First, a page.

Mission

To promote understanding, appreciation and respect for religious diversity among the religious, spiritual and secular communities in Aotearoa New Zealand.

Background

New Zealand, over the past three decades, has become a country with an increasingly diverse population. In 1987 the Immigration Act permitted immigrants from a wider range of countries and cultures than in previous years.  Over the succeeding years the bi-cultural nation that was founded on the 1840 Treaty of Waitangi has seen this diversity grow exponentially – and with it the diversity of religious beliefs and allegiances.

In response to this rapidly increasing diversity of cultures and consequently of religions a vigorous Interfaith movement developed. Interfaith Councils and Abrahamic Groups formed in cities across the nation.  They continue to provide opportunities for people from different religious traditions to visit one another’s places of worship, to share their stories and learn from one another. A national Interfaith Forum has brought them together every year, now every second year.

The Religious Diversity Centre was launched in Parliament in March 2016.   A national Centre of educational research excellence – the go-to place for information, contacts, education, training and policy advice,  all reliant on evidence based research,  – a meeting point for religious leaders, political and community leaders, academic and educational staff and students, a safe place for inter-religious and intra-religious dialogue.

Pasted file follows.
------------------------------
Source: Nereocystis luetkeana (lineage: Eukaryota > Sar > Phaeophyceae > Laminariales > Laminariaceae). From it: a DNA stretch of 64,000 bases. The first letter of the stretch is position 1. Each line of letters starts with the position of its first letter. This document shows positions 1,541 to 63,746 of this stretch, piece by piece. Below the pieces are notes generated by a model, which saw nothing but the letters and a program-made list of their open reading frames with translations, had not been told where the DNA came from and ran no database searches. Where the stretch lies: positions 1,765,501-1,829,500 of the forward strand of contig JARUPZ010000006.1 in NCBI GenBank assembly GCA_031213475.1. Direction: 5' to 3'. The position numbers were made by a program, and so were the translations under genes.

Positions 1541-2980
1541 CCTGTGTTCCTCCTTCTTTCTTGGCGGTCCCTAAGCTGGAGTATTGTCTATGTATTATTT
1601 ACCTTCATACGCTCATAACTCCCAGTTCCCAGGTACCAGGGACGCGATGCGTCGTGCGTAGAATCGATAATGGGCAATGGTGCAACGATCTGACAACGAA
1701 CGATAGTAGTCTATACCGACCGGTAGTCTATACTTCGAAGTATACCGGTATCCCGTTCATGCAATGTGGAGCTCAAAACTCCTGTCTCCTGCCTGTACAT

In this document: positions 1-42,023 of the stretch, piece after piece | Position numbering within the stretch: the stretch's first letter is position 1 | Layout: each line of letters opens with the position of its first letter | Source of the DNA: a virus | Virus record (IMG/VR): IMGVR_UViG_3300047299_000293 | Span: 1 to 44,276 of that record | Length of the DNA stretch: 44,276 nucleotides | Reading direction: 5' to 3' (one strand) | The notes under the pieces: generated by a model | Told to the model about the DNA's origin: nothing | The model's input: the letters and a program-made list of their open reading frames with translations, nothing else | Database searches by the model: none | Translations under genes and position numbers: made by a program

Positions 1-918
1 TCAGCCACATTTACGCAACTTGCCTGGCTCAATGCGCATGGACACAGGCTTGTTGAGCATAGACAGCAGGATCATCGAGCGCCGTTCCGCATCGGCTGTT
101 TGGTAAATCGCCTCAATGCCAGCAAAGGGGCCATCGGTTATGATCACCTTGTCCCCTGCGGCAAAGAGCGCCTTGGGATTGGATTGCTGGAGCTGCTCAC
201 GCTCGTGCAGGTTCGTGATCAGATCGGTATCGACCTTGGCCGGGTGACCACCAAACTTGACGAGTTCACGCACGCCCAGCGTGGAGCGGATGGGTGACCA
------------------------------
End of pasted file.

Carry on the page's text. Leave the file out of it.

Our Purpose

A national centre of educational research excellence dedicated to fostering appreciation and understanding of religious diversity among all New Zealanders

  • Providing high quality religious diversity training and resources for professional development
  • Providing high quality research and publications
  • Contributing expert advice for policymakers, media organisations
  • Encouraging inter and intra religious dialogue
  • Promoting co-operation, friendship, peacemaking
  • Honouring Te Tiriti o Waitangi